This museum really just goes directly for the spook factor over historical accuracy. It showcases monsters and ghosts that colonial settlers possibly feared in addition to witches, as well as some exaggerated morbid bits around the circumstances of the Witch Trials. Like Cotton Mather taking the skull of one of the victims so that he could examine it for demonic properties. Or one of the accused corpse-snatching the body of Salem sheriff George Corwin in a desperate bid to get back the land that had been confiscated from him. Neither happened, but they make great, macabre dioramas. The whole thing even ends with a ghost story. The one about Giles Corey, the man who was pressed to death for not confessing his secret Satanic life. His ghost is supposed to appear before tragic events in Salem.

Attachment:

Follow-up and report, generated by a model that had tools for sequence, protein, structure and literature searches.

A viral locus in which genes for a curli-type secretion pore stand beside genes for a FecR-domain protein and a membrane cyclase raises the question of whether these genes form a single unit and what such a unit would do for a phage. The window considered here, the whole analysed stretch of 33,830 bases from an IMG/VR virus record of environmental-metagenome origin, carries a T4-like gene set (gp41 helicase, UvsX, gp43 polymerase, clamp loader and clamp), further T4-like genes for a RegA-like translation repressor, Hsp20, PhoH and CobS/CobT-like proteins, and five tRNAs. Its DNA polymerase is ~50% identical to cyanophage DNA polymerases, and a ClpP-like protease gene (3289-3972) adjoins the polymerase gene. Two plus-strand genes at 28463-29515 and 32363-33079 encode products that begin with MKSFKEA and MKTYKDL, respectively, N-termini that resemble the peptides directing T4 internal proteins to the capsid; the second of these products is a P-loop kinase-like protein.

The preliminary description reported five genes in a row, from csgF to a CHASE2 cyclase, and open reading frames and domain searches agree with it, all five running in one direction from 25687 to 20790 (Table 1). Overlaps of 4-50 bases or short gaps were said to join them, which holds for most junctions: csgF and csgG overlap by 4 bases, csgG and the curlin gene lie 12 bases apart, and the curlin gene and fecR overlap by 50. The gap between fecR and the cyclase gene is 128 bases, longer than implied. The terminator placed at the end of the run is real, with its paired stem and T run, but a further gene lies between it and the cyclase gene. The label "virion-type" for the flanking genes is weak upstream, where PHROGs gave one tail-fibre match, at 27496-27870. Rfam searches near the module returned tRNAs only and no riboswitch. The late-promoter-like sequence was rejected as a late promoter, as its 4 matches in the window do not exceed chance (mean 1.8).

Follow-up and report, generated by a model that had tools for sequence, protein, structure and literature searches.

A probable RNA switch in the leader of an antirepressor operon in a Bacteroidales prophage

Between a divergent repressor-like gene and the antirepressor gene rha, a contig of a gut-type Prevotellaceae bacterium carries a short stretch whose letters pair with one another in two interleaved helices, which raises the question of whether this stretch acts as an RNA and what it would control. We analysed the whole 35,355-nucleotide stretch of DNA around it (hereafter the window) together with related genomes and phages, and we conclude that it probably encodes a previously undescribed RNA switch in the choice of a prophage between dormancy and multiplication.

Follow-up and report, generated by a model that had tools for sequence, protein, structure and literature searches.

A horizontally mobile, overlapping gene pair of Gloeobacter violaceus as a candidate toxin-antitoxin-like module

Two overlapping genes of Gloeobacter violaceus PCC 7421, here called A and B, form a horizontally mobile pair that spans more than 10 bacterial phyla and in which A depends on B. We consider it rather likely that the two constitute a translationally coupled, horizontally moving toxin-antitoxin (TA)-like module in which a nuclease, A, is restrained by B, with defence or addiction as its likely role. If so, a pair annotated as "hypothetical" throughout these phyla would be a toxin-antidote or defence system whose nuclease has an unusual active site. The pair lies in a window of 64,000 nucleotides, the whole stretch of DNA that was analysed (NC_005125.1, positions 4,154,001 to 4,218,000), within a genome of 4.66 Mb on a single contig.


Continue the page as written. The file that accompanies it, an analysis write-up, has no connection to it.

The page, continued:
Moving on, we arrive at the signature attraction of Salem: The Salem Witch History Museum. Located in an old, red, castle-like church building adjacent to a dramatic statue of the town’s founder on the edge of the Salem Common, this museum has been around since 1971 in a building that dates back to 1845. Inside, you walk into a dark circle, take a seat, and then listen to spooky narration tell the story of the Salem Witch Trials. As the horror host narrates, dioramas about 10 feet above you and surrounding the room are spotlighted sequentially. The highlight is without a doubt the giant, horned red Lucifer, the main enemy in this colonial monster mash.

Only photo you get here. No photography allowed inside.

After that presentation, you’re ushered into a much less atmospheric room, past one of the original beams of Salem’s long gone original jail, and into a guided story about the way the term witch has changed over the years.